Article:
Whether you’re a homeowner or a tenant, there’s plenty of opportunity to practice your DIY skills at home. If some seem to be born with a hammer in the hand, others dread having to make a simple hole in a wall. They also have the best of excuses: they do not have the right equipment. Because we think it’s our job to help the do-it-yourselfer on Sunday, here’s a list to make for the perfect toolkit, ready to help with any small job.
Even if your home does not require any modification on your arrival, you will never be able to escape drilling holes in your walls. This can be used to hang frames (even if other techniques exist), attach furniture to the wall or mount them. Before buying your drill, determine the nature of your walls: hard materials such as stone, brick or concrete require a percussion drill.Also note that the bits are not always supplied with the drill, so it will be an additional purchase.
The screwdriver is one of the classic tools that serve every day. Without him, you can not even change the batteries of his alarm clock! With the screwdriver, we put a lock, we put a piece of furniture in kit or dismantle the speakers. A single screwdriver is not enough, better to equip with a game of different sizes and shapes (flat, cruciform, precision, etc.). The other solution is to equip with an electric screwdriver which requires less effort for the handyman.
If I had a hammer … Yes, you need one! If its main function is to drive in the nails, it can also be useful for small services like unblocking a wedge or opening a paint bucket. The hammer said carpenter is the most common, preferably take a nail puller version so you can also use it to remove the nails.If you intend to do tiling, choose a mallet, which is better suited to the situation.
Or rather the keys because there are many and it is obvious that only one can not answer all the crafts. There is first the adjustable wrench, the most versatile since its wheel allows the adjustment of the opening. Flat keys, of various sizes, are useful for loosening nuts and bolts. Finally Allen keys are necessary for many furniture kit. Even if you do not intend to do plumbing work, all these keys are essential in case of trouble with heating or water.
In addition to scissors (also important), a cutter assists you in cutting tasks that require both precision and strength.It is used to cut threads, to cut vinyl floor or carpet or to open a package. Choose a model with a locking wheel for added security.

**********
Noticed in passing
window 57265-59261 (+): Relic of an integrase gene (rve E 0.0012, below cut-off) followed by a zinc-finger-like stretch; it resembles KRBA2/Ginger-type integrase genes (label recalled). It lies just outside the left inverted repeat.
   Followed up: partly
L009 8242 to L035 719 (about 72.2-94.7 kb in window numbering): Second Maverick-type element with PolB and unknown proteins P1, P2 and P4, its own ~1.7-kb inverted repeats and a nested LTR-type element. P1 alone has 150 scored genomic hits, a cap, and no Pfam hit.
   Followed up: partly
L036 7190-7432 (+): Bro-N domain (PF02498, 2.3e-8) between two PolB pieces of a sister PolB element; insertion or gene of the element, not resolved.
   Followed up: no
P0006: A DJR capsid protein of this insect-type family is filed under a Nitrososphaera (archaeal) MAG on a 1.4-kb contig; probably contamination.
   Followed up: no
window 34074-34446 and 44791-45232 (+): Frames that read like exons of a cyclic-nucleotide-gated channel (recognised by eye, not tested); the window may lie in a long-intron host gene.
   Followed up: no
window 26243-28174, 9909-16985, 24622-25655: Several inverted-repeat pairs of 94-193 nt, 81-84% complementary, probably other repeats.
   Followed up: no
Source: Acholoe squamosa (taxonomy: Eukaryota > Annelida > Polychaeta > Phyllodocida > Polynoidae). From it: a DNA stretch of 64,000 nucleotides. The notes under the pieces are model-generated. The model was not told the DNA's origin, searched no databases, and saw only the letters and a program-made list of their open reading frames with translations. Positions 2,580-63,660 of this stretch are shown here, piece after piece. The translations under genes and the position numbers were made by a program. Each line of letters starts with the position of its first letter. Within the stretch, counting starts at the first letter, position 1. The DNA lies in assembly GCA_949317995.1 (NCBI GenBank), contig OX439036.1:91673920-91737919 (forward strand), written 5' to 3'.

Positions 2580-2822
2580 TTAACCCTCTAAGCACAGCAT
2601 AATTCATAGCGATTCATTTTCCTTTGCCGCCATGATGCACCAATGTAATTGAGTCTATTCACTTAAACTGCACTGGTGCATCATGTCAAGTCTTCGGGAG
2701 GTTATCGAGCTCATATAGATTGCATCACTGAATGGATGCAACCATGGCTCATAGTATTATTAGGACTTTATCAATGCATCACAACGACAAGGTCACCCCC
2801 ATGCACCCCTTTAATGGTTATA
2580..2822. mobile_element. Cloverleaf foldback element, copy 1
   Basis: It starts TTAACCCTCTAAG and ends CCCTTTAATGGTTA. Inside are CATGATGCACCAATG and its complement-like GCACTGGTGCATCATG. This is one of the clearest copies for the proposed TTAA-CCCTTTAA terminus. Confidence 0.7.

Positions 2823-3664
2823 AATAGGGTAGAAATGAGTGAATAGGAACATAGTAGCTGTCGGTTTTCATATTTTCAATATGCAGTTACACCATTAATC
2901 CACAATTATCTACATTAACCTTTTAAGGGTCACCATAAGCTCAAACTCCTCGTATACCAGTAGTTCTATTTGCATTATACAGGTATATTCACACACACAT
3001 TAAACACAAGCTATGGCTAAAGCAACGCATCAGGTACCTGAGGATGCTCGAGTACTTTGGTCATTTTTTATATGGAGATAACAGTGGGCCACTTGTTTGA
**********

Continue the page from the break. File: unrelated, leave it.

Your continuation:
In reality, there are two types of pliers to own. First the cutting pliers, which, as its name suggests, can tackle son or small nails. The universal clamp can duplicate the wrench, but it is more effective at holding small items. Still remains the wire stripper that is very useful for small electrical work.
It’s an ally (size!) for all your DIY work. Any good handyman knows that work starts with taking precise measurements. Do-it-yourself does not support a little bit. In these conditions, the meter is probably the number one tool to have in its tool kit. We can also mention the case of bubble level but the latter being available today in smartphones, it becomes less necessary to buy one.
Sunday’s do-it-yourselfers do not necessarily imagine how much a saw can help. It is nevertheless essential for any small work on materials such as wood. It is needed to cut baseboards, shorten a rod or adjust shelves for example.
The small sander is not superfluous in your tool kit. Its use remains paramount when it comes to renovating windows, doors or a worktop. As soon as you have wood in your interior, the sander takes all its interest. For plaster work on the walls, keep the manual sanding method. So you have to keep several sheets of sandpaper for this type of task.
All these tools have in common to be more or less dangerous if they are not handled properly.Whether you are manual or rather two left hands, it should be always equipped to prevent accidents in DIY. A maximum of security avoids the problems but also puts you in confidence to begin serenely to tinker. Gloves and goggles must be part of your toolkit, it’s not discussed!